KKL-JNF launches live birdwatching feeds at Lake Hula

The Hula Valley is a major stopover for birds migrating between Africa, Europe and Asia through the Syrian-African Rift Valley.

Bird in the Hula Valley (photo credit: KKL-JNF/OMER E)
Bird in the Hula Valley
(photo credit: KKL-JNF/OMER E)

Keren Kayemeth LeIsrael-Jewish National Fund (KKL-JNF) announced on Sunday that it has begun a birdwatching project for the benefit of nature lovers and birdwatchers of all experience levels.

The project uses a network of eight HD cameras and complex electric infrastructure including fiber optics and wireless communications systems at Lake Hula in northern Israel's Hula Valley.

The valley, where fresh water is abundant, is a major stopover for birds migrating between Africa, Europe and Asia through the Syrian-African Rift Valley.

Every autumn and spring, some half a billion birds pass through the Hula Valley.

Migrating birds often stop to rest at Lake Hula, which is also a source of food.

Bird at Lake Hula (credit: KKL-JNF/MOSHE C)Bird at Lake Hula (credit: KKL-JNF/MOSHE C)

“Agmon Hula is one of the most respected places in the world, and now we can allow birdwatchers from all over the world to watch what is happening in the field, via live broadcast.”

Avishay Mizrachi, Director, Communications and Technology Department, KKL-JNF

“We have been working on this sophisticated and international project for over three years now,” said Avishay Mizrachi, Director of the Communications and Technology Department at KKL-JNF. “We are installing 10 super zoom night vision 4K... cameras with around 7 km. of fiber optic infrastructure. It is a dream come true for Effi Naim, the Hula valley area manager.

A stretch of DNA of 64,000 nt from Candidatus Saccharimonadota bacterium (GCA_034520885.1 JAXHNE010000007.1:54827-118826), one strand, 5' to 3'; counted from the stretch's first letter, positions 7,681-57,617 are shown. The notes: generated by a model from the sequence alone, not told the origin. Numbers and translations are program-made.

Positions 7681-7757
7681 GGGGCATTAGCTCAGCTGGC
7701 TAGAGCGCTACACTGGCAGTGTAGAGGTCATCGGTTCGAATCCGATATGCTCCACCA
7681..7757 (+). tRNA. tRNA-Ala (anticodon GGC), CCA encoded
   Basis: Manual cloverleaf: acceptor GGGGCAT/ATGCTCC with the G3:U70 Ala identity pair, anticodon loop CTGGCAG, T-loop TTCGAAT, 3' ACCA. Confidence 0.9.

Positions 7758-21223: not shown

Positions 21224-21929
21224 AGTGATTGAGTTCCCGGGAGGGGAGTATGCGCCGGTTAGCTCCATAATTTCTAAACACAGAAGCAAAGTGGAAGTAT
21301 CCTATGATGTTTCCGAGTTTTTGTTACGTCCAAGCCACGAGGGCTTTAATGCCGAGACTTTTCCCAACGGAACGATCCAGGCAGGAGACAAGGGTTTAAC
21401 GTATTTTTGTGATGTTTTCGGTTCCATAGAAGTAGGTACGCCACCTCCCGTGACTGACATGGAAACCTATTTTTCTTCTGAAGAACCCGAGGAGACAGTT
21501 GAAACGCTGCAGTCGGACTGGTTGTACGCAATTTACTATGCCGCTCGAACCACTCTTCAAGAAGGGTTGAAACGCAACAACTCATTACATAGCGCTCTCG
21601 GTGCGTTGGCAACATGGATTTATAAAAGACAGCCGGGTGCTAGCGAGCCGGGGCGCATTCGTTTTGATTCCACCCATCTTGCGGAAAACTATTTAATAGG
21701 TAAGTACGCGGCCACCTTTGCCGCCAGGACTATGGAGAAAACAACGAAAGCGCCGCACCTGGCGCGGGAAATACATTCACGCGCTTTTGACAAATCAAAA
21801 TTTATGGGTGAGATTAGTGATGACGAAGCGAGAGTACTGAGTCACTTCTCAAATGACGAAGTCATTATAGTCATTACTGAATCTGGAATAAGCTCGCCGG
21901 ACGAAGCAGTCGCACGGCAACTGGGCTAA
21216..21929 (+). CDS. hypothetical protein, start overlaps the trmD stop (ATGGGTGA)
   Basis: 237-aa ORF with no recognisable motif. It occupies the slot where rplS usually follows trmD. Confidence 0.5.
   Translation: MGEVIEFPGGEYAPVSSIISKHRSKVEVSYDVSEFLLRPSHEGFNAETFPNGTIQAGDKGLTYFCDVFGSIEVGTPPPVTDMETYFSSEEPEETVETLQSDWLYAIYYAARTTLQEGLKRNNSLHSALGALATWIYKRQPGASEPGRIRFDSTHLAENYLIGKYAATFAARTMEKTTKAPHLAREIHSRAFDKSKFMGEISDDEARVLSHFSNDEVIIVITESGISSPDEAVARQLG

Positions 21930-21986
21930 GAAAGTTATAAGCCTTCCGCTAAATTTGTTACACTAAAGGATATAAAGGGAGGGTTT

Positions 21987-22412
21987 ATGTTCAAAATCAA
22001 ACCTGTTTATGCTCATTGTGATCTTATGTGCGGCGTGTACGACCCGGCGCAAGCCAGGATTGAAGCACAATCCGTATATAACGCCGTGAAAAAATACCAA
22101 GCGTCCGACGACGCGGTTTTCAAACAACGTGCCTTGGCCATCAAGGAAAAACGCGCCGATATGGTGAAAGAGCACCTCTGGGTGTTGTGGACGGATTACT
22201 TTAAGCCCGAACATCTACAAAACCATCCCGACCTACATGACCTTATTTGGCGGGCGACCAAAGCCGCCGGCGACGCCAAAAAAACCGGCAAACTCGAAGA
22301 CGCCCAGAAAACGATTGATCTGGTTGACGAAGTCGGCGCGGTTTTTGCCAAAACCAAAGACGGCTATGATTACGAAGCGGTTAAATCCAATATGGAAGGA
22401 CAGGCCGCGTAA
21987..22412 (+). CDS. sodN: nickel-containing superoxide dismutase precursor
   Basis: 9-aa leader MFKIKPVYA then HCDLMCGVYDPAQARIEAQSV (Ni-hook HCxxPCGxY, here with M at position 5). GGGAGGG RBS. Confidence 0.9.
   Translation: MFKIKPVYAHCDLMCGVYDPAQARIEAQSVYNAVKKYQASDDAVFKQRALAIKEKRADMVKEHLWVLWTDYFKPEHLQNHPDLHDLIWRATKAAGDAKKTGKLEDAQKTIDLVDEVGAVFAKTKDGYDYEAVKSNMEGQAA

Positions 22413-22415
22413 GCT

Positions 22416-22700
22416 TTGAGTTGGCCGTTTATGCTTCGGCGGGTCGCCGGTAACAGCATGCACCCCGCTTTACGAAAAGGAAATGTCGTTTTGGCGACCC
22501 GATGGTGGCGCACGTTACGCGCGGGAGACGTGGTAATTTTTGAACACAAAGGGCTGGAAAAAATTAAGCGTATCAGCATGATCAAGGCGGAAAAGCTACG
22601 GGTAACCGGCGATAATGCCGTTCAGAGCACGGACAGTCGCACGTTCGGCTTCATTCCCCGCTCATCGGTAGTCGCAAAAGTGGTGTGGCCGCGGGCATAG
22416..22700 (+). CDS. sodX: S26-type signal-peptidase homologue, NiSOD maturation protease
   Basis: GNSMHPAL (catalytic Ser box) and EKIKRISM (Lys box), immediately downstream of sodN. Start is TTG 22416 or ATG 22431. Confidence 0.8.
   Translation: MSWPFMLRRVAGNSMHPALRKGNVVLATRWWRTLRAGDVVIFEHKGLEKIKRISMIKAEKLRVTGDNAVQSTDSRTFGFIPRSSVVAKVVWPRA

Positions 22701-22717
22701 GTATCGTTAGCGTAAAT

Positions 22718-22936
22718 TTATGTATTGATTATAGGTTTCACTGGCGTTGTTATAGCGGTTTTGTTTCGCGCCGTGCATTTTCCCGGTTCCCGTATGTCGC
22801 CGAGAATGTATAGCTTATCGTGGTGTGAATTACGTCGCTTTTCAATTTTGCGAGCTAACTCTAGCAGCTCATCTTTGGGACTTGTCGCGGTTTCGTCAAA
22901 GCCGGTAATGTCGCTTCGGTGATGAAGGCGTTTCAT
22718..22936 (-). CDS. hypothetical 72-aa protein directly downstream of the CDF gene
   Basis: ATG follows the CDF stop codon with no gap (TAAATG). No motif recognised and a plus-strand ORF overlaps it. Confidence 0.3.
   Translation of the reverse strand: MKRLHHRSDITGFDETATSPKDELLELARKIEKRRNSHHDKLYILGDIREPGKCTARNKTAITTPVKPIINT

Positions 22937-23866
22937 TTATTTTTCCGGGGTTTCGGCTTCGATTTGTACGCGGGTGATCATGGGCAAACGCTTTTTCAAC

“Effi, who has been familiar with the Hula landscape for decades now, has especially pointed the locations for the cameras according to the best spots of interest,” Mizrachi said.

“For professional birdwatchers, Agmon Hula is one of the most respected places in the world, and now we can allow birdwatchers from all over the world to watch what is happening in the field via live broadcast. We are at the beginning of the migration season and in about two or three weeks, birds will start arriving. We expect tens of thousands of visitors per day on the cameras' link site.”

Live feeds

There are eight different live cameras at Lake Hula:

Cranes birdwatching spot: A view of a landing site for tens of thousands of cranes stopping by during migration. They can be seen eating and performing mating dances.

Lagoon: A view of a vegetation-rich lagoon where various bird species can be observed, including cormorants, kingfishers (Alcedinidae) and pied kingfishers (Ceryle rudis).

Western Shore - South: A birdwatching spot on the western side of the lake.

Buffalo - A view of the great buffalo herd at Hula Lake where dozens of buffalo and numerous bird species can be seen.

The tower: A panoramic view of the lake from an old watchtower.

Western Shore - North: A water-level viewing spot where birds can be observed conducting their regular activities.

Pelican birdwatching spot: A view overlooking the habitat of pelicans, who visit during the migration season.

Bird in the Hula Valley (credit: KKL-JNF/AVISHAY MIZRACHI)Bird in the Hula Valley (credit: KKL-JNF/AVISHAY MIZRACHI)
Bird in the Hula Valley (credit: KKL-JNF/AREA SHRAGA)Bird in the Hula Valley (credit: KKL-JNF/AREA SHRAGA)